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When most of us hear the word, “doula,” we think of a childbirth coach. However, doulas aren’t only available for when life begins, they can help when life ends too. They are called death doulas, end-of-life doulas, spiritual midwives, death midwives, or doulas to the dying. Their work focuses on creating a safe space for the one dying and the family to engage in the emotional and spiritual labor needed to prepare for death. They are there to help facilitate a “good death,” according to the wishes of the dying person.

Doulas first help the dying to explore the question, “How do I want to be remembered?” This is facilitated mostly through the process of life review. At Hosparus Health, we do this kind of work using the Life Review Workbook. This is often facilitated by our volunteers, and sometimes the stories are recorded for future generations. Legacy work can also involve making memory books, life scrolls, letters, or a collection of recipes. It is a way for families to hold onto their loved one and continue to be inspired. The process also helps the person deal with any regrets, unfinished business or guilt that remains troubling.

Doulas then can help the dying to determine how they want to spend the last days of life. Questions for consideration are:

  • Where do you want to die and why?
  • How will the space around your bedside look, sound, smell and feel?
  • What music do you want to hear during your dying process?
  • What do you want to read to you at times?
  • How do you want people to talk to you and touch you?
  • Are there any religious or spiritual rituals or guided visualizations you would like to experience?
  • What people and animals do you want present for your last breath?

It is then the job of the doula to ensure the patient’s wishes are honored during the Vigil time when the person is actively dying. It is during the vigil that the doula stays with the family around the clock, as much as possible.

Lastly, doulas help the dying to determine post-vigil care. What does the dying person want the loved ones to do after death? Some options include sitting quietly, praying, sharing memories, washing the body with certain fragrances, dressing in a certain outfit, and waiting a while before calling the funeral home. Doulas help with home funerals and are trained to have the knowledge to provide the family with after life alternative death care options, including green burial, flameless cremation and alkaline hydrolysis.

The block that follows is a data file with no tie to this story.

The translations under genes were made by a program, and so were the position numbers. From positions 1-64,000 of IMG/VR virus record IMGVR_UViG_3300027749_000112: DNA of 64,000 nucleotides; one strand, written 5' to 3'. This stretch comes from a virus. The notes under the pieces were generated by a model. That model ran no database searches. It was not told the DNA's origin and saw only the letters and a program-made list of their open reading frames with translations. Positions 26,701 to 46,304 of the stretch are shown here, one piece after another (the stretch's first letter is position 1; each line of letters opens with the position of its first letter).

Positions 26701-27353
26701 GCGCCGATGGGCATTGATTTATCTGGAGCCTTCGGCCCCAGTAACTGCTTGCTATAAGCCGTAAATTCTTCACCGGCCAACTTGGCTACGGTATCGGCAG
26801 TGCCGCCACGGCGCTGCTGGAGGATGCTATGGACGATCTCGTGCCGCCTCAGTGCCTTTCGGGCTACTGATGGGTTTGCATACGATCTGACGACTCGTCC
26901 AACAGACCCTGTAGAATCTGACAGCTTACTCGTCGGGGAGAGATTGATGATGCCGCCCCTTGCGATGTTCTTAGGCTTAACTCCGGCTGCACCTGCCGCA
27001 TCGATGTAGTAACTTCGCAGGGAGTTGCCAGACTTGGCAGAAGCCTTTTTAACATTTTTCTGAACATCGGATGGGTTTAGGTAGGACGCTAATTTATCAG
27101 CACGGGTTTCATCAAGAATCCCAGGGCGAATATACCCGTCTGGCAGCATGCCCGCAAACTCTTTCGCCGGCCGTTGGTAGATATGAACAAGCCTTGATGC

As part of the post-vigil care, doulas also facilitate some early grief work with families by having them reflect and talk about their experience of the dying process. Grief counseling services may be offered through the local hospice or other counseling agency.

The role of the death doula is deeply consistent with the holistic approach taken in hospice care. Hospice workers participate in doula work every day. Death doulas are supportive to hospice, they do not take the place of hospice. Doulas, who are considered an extra layer of care and support for families, are not covered by Medicare in the hospice benefit.

Hosparus Health supports doula work. Recently, Henry Fersko-Weiss, former hospice social worker, co- founder of the very first End-of-Life Doula Program in the United States and President of the International End of Life Doula Association (INELDA), conducted a training in Louisville for local veterans who want to serve other veterans at the end of life. Five of our veteran volunteers and five staff members attended this training.

Our volunteer department is working to ensure that this important service to veterans is realized within our organization. We want this effort to continue to expand to all those we serve. Death doula work matters. The end of life is as worthy as much beauty, care and respect as the beginning.

If you would like to learn more about doula work, checkout the book Caring for the Dying: A Doula Approach to a Meaningful Death, by Henry Fersko-Weiss.


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